Oregon Senator Proposes a Consumer Data Protection Bill

Oregon Democratic Senator Ron Wyden drafted a data privacy bill akin to the recent General Data Protection Regulation (GDPR) legislation in Europe. Dubbed the Consumer Data Protection Act, Wyden’s bill would give users more control over selling and sharing their data, and would give the Federal Trade Commission authority to set privacy and security standards and fine those companies that do not protect consumer data. One provision is a “Do Not Track” feature that would allow people to opt out of being tracked.

Digital Trends reports that the latter is “the digital equivalent of the popular Do Not Call Registry established by the FTC in 2003, which allows people to opt out of receiving phone calls from telemarketers.”

The bill would also hire 175 government staffers and require companies “assess the algorithms that they use to process consumer data to determine whether they impact discrimination, privacy, or bias.” The latter is important because “as algorithms become more important in processing data … [they] are vulnerable to the same biases as the humans that create them.”

Fortune reports that Wyden’s bill would fine offending companies “up to 4 percent of their global, annual revenues for infractions” similar to the GDPR, but would go further, jailing chief executives who “knowingly misled regulators” for up to 20 years and apply individual fines as high as $5 million. Big tech companies with revenues exceeding $1 billion or those that store data on 50+ million consumers on their devices would also be required to submit “annual data protection reports” to the government. Companies would have to offer alternative payment options “such as subscription fees instead of ad-supported ‘free’ models.”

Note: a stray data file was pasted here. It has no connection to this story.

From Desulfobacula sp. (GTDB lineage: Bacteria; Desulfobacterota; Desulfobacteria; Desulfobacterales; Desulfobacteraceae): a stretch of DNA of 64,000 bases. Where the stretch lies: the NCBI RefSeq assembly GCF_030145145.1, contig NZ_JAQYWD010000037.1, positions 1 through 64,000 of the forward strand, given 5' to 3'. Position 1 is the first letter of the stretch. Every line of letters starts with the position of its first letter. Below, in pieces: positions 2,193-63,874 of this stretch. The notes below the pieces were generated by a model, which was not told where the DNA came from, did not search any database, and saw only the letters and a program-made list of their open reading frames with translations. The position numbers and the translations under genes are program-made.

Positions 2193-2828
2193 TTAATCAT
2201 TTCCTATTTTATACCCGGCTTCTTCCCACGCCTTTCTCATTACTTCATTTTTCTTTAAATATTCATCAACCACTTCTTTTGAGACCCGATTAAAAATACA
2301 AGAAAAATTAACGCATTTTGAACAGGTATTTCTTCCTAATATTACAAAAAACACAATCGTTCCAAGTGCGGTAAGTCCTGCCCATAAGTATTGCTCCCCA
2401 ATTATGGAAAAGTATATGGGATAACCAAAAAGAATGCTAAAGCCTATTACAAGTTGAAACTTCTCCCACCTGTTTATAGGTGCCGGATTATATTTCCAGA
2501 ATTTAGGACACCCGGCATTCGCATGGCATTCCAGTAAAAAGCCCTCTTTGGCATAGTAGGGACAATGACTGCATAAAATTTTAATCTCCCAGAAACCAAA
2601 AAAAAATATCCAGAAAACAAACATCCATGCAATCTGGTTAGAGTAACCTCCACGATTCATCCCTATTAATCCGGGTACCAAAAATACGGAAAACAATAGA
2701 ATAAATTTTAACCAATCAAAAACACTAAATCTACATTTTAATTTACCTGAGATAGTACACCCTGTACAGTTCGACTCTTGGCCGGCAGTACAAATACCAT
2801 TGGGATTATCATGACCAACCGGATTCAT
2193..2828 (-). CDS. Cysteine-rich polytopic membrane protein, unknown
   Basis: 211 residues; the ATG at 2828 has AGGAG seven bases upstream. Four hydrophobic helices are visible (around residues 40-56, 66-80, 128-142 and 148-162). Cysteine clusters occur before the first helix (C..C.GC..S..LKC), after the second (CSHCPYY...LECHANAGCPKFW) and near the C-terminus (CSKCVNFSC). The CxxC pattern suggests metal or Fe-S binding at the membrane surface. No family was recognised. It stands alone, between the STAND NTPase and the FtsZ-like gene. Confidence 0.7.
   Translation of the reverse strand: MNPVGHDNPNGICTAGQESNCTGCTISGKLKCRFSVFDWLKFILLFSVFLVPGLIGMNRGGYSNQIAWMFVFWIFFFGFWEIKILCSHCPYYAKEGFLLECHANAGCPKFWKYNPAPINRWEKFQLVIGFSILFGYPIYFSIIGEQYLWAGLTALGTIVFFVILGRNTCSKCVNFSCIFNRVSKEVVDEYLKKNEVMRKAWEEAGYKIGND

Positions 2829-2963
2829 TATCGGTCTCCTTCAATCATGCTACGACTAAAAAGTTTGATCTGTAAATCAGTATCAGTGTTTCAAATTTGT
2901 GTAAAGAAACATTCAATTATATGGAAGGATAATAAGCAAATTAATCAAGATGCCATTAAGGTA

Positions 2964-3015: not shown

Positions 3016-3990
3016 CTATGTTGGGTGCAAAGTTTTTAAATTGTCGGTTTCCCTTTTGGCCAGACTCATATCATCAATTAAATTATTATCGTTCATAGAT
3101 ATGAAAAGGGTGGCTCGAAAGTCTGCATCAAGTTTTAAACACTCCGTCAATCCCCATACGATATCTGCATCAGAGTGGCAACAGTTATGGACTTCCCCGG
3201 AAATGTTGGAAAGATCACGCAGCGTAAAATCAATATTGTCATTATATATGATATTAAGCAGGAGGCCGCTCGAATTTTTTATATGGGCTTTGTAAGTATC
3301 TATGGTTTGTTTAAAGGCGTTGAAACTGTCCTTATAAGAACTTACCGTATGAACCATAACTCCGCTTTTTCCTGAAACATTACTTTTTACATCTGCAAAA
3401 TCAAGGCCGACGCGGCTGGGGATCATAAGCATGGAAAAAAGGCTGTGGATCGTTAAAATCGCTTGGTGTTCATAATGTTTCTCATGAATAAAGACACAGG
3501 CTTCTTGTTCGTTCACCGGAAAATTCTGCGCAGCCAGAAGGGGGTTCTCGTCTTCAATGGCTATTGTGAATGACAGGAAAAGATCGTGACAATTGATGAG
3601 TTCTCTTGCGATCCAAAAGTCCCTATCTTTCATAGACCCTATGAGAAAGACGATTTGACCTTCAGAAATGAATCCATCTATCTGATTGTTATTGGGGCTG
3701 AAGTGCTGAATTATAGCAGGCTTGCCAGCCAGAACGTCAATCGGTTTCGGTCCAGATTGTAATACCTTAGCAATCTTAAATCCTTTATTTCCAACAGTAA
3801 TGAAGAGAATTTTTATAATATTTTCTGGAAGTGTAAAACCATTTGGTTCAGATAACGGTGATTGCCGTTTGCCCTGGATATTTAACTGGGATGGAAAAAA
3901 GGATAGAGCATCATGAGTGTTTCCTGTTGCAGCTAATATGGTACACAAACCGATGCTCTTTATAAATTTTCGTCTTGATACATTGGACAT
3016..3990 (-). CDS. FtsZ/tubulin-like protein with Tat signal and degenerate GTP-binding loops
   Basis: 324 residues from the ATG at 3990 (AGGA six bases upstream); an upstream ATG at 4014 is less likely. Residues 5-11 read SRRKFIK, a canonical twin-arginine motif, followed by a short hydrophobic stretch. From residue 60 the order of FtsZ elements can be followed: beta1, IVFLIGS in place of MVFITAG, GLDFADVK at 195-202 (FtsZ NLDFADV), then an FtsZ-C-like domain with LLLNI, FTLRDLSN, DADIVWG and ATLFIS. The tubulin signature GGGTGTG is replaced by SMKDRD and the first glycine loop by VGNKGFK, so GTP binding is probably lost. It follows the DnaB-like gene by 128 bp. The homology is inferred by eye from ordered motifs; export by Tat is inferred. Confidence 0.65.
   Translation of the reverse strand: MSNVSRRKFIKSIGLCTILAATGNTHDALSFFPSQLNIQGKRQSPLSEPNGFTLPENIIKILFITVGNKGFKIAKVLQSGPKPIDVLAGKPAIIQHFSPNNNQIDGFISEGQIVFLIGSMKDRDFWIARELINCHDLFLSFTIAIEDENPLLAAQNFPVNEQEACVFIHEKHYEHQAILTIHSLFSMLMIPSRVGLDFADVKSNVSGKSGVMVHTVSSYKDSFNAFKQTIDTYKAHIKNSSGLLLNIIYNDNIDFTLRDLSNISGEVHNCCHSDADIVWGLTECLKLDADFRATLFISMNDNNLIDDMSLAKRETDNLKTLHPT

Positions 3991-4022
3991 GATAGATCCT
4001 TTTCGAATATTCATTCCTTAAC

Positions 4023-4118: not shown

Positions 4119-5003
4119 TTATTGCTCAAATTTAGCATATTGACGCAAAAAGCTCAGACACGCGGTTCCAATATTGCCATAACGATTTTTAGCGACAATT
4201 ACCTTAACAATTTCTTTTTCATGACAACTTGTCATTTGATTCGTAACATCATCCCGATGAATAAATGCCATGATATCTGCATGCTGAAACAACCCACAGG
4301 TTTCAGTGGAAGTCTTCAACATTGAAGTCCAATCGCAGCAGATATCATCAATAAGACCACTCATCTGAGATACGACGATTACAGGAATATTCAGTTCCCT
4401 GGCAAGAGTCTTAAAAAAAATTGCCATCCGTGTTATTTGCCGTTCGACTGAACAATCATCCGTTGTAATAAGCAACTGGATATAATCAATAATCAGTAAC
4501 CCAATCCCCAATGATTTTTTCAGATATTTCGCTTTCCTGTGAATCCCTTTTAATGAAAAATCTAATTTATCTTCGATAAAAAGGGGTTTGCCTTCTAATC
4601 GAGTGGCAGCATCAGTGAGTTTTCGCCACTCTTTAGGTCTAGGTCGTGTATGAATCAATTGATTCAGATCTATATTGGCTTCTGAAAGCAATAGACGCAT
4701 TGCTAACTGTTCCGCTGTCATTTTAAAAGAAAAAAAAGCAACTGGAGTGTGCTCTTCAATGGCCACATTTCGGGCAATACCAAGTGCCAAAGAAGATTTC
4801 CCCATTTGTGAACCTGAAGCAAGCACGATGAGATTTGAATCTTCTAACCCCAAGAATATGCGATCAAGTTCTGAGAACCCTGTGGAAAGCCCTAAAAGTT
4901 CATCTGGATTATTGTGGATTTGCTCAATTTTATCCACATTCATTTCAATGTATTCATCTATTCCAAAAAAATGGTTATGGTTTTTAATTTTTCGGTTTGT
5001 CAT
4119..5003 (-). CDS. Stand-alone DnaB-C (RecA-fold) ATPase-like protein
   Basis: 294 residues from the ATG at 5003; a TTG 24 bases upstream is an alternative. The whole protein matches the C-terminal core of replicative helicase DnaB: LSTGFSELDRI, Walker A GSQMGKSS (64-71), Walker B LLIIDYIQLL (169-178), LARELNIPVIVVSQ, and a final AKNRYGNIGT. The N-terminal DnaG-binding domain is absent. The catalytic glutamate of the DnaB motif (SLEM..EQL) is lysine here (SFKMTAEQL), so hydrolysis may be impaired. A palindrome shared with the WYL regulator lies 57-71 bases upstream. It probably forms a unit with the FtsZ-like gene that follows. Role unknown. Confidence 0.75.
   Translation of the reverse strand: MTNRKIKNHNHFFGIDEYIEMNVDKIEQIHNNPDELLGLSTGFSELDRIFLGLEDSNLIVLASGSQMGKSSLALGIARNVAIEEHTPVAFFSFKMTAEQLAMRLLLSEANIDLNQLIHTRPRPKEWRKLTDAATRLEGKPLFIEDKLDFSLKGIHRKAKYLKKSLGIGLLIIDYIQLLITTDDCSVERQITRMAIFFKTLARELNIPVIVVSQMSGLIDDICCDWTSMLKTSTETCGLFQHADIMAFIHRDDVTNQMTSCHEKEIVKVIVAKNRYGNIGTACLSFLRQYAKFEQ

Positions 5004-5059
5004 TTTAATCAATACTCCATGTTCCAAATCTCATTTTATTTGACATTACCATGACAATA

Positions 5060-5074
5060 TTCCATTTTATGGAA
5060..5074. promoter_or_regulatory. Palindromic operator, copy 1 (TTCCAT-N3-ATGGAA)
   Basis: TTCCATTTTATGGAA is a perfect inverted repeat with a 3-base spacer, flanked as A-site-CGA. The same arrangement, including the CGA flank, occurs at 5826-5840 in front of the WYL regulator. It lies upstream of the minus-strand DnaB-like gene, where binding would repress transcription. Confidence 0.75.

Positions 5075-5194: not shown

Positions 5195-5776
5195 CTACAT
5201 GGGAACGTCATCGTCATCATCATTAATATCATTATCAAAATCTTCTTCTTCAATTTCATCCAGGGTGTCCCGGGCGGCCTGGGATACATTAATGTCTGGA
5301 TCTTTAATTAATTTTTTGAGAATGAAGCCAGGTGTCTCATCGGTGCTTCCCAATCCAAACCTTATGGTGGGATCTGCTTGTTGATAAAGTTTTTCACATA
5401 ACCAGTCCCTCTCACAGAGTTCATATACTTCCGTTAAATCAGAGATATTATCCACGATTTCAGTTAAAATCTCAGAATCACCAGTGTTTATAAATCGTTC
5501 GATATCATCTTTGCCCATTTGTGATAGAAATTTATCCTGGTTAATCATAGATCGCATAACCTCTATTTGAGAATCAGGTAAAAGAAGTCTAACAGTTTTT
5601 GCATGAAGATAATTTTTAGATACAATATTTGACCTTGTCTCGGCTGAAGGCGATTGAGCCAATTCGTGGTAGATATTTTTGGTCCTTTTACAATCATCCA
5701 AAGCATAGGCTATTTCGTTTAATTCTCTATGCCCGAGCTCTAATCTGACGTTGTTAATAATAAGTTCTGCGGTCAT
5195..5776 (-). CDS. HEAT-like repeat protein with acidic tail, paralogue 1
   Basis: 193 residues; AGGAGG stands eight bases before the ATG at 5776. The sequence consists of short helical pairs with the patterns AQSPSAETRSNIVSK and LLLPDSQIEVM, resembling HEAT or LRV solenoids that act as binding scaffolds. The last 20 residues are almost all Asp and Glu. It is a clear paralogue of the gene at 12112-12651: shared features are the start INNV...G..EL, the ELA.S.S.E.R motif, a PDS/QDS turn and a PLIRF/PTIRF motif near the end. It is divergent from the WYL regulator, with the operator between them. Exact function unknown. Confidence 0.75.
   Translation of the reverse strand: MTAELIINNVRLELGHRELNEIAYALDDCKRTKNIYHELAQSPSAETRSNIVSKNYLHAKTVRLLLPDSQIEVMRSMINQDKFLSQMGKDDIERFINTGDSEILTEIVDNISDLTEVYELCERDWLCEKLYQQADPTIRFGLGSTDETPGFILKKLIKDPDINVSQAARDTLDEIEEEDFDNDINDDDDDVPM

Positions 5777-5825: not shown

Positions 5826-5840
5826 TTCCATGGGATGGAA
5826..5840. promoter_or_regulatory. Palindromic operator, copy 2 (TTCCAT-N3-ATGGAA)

At Georgetown Law’s Communication & Techology Clinic, teaching fellow and attorney Lindsey Barrett tweeted that Wyden’s bill “injects sorely needed accountability” into today’s flawed “information ecosystem.” But Rendition InfoSec co-founder Jake Williams, a National Security Agency veteran, noted that the bill is unlikely to pass. “Even if it does, it won’t mean what you might think,” he said. “It won’t create a SOX-style environment around cyber. Sorry.”

SOX refers to Sarbanes-Oxley, a 2002 financial reform put into place after the Enron meltdown to prevent similar problems. Williams said that Wyden’s proposed law “will box in cybersecurity practitioners,” by giving “corporate governance, risk, and compliance departments the right to ‘rule infosec’.” If such a law passes, the cybersecurity industry will likely be licensed. “Professional licensure is not good for a profession this young,” he said.